• A Hawaiian dish called Loco Moco. This dish of either beef or chicken patty top with one egg over white rice and smother in gravy.
  • Going to all campus events that offered free food!

Most of these recommendations can take less than 15 minutes to prepare. If you want a meal of substance, I’d recommend the crock pot and the rice cooker to aid you in your busy life. Just the other day between two of my classes I was able to put a beef roast in my crock pot and it was ready at dinner time. My family had an amazing French Dip for dinner and I didn’t have to slave away in the kitchen for hours. The crock pot did everything for me. This website has a great French Dip recipe; http://realhousemoms.com/slow-cooker-french-dip/

Slow Cooker French Dip

Show off your meals. Be proud of what you created with your crock pot. Trust me if you brought this French Dip recipe to work; everyone would be your new best friend!

I’d love to hear from you and what is your graduate nutrition food hack? What do you do for a balanced diet?

 

 

 

“Fat Tax”

Another discussion amongst those in my Nutrition class was concerning whether or not our government should place a “fat tax” on sugar-sweetened beverages, such as soda.

Many agree to disagree, however I feel that this tax would be treated no differently than the taxes put on cigarettes. It has been known for years that cigarettes are unrewarding to our health, yet they are still sold to a number of consumers despite the increase in price. Now researchers are stating that the consumption of sugar-sweetened beverages are impacting the prevalence of obesity, hence the reasoning for the “fat tax”. Well in my opinion sugar filled beverages are not the only cause of obesity. There are many fit individuals who consume soda and other sweetened beverages. The rise in obesity is plainly due to the overall increase in calorie consumption and the decrease in energy output (physical activity).

If the government wants to decrease the prevalence of obesity then they should start pushing for healthier foods within schools and eliminating soda from vending machines. They could also reach out to the parents and educate to them on how important exercise and healthy eating is on their children’s growth and development.

Next time you purchase a soda, ask yourself, how much would you pay to get that boost of dopamine.

Until next time!

Brianna

Taking Sides

What are your thoughts about Orthorexia? Do you feel that it should be recognized as an eating disorder?

This interesting topic arose during our discussion post this week in my Nutrition class and to tell you the truth I had never heard of Orthorexia prior to this discussion.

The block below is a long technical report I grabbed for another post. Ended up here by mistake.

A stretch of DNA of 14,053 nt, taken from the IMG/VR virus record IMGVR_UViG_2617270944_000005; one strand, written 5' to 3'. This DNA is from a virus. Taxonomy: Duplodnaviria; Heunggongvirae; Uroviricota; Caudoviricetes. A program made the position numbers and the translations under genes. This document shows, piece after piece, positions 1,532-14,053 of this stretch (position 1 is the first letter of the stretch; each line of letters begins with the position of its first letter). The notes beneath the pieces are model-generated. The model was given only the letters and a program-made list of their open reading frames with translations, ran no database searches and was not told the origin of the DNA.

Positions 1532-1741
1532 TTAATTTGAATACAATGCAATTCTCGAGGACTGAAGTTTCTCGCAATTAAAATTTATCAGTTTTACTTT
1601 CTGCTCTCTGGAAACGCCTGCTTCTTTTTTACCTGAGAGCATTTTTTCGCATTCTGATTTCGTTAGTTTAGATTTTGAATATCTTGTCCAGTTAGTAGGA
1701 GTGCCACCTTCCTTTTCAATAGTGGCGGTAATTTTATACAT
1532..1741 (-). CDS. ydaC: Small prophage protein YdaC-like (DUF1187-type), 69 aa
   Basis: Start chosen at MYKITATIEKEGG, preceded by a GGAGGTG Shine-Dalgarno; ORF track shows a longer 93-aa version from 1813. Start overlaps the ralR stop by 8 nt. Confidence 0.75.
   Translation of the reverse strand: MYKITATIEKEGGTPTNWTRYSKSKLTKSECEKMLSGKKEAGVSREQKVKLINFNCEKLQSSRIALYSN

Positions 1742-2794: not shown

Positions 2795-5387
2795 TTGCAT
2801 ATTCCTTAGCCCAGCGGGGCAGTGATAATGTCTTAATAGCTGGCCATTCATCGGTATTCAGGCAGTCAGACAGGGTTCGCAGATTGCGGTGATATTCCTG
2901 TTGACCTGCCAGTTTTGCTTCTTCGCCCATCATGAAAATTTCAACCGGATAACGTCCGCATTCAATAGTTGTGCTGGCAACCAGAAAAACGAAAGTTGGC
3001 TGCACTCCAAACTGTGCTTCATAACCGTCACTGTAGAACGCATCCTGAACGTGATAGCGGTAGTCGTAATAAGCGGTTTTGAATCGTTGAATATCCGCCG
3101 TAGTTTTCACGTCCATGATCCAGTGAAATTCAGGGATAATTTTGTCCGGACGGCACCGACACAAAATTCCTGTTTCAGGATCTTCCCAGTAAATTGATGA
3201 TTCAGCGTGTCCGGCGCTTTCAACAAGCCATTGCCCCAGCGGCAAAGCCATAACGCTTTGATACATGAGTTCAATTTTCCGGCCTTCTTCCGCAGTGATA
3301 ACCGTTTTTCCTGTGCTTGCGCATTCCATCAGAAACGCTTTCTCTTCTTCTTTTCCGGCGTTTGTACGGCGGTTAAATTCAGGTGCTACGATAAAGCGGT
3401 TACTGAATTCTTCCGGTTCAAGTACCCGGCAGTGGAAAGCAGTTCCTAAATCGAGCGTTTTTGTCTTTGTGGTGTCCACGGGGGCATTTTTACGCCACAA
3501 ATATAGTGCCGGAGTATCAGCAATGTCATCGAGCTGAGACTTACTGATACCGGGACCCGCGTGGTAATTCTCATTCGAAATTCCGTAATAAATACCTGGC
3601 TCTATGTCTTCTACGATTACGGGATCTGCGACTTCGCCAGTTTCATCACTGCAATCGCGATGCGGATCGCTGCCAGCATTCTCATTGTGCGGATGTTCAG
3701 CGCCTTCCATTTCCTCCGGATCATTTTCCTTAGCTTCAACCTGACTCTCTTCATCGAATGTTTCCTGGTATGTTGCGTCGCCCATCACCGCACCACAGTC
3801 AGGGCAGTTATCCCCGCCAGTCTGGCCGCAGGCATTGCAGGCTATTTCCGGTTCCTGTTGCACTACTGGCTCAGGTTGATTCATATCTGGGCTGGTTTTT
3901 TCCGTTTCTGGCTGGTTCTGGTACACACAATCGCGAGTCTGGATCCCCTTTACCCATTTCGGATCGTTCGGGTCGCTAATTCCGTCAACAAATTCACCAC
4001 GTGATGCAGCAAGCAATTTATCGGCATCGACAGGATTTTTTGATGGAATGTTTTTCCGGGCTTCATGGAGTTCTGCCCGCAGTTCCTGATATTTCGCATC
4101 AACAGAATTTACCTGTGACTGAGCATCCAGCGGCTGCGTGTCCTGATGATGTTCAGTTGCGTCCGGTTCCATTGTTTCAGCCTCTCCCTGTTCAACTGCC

Orthorexia is defined as a fixation of eating only pure, healthy, and natural foods. To break it down further orthos derives from the Greek language meaning “correct or right” while orexis means “appetite.”

After taking both sides of the discussion into account I have say that orthorexia should be recognized as an eating disorder and dieticians should be made aware of it. Like anorexia and obsessive-compulsive disorder, orthorexia is defined as having a sense of control. Most individuals with eating disorders have controlling personalities. This pattern of controlling what we consume really boils down to the “good” vs. “bad” foods, which is labeled by our society and other unreliable sources. Individuals with orthorexia eliminate “bad” foods from their diet, which most people believe are our carbohydrates, refined sugars, meats, trans fats, and processed foods. By eliminating these foods from our diets we are only setting ourselves up for malnourishment. These so called “bad” foods contain vitamins and nutrients that other foods cannot provide our bodies, therefore it is critical that we consume them in recommended amounts.

Just some food for thought! Until next time!

Brianna

Back to work

And I thought switching gears was a break in itself….but I’m not going to complain having a week off of class was pretty nice! Wish I could’ve went someplace a little warmer than Buffalo…burrrr!!!

Nevertheless I spent most of my spring break at Buffalo Cardiology and Pulmonary Associates. Apart from my online class I have recently started one of the two possible internships for this program. So far I’m really enjoying my internship site. The facility is HUGE, to say the least, and everyone is more than welcoming. I’m currently interning in the Cardiac Rehabilitation center, working along side of the Exercise Physiologists. The patients we see are those who have just recently been released from the hospital after having bypass or open heart surgery. After receiving the ok from their doctor we formulate an exercise program to rehab them back to health. While the patients are exercising we frequently check their blood pressure and heart rate to make sure their levels are rising at a healthy level. We also have them hooked up to a monitoring system so we can regulate their EKG strips.

From what I can see the patients are showing tremendous progress and it brings me great joy knowing that I have helped in some way!

Until next time!

Brianna

 

Part 2 of Spring!

Hello all! I’d first like to apologize things got pretty overwhelming last few weeks of EKG so I fell a little behind on my blogs. On a positive note were up and running again and beginning the second quarter of the semester. So last week we had our practical along with our final exam, which wrapped up EKG. Not going to lie I’m pretty excited to have my Tuesday and Thursday nights free again. If you have experienced a 5 hr class before you can understand my excitement haha. Besides the length of the class itself I really did enjoy EKG. The professor did an excellent job summarizing the majority of the information into a tight 8 week session and really worked with us to make sure we were fully understanding the concepts. I’m actually considering becoming an EKG technician now! Just another thing to add to my list of career possibilities. One things for sure this program has really opened my eyes to the multiple career opportunities I’ll have once I graduate.

Well now that EKG is over I have started yet another class….Nutrition 502! Nutrition has always been a passion of mine so I’m really excited about this class. I already have a basic knowledge about nutrition so I hope this class will further my education so I may utilized my counseling background to incorporate  some nutritional counseling into my career. Just have to wait and see!

Until next time.

Brianna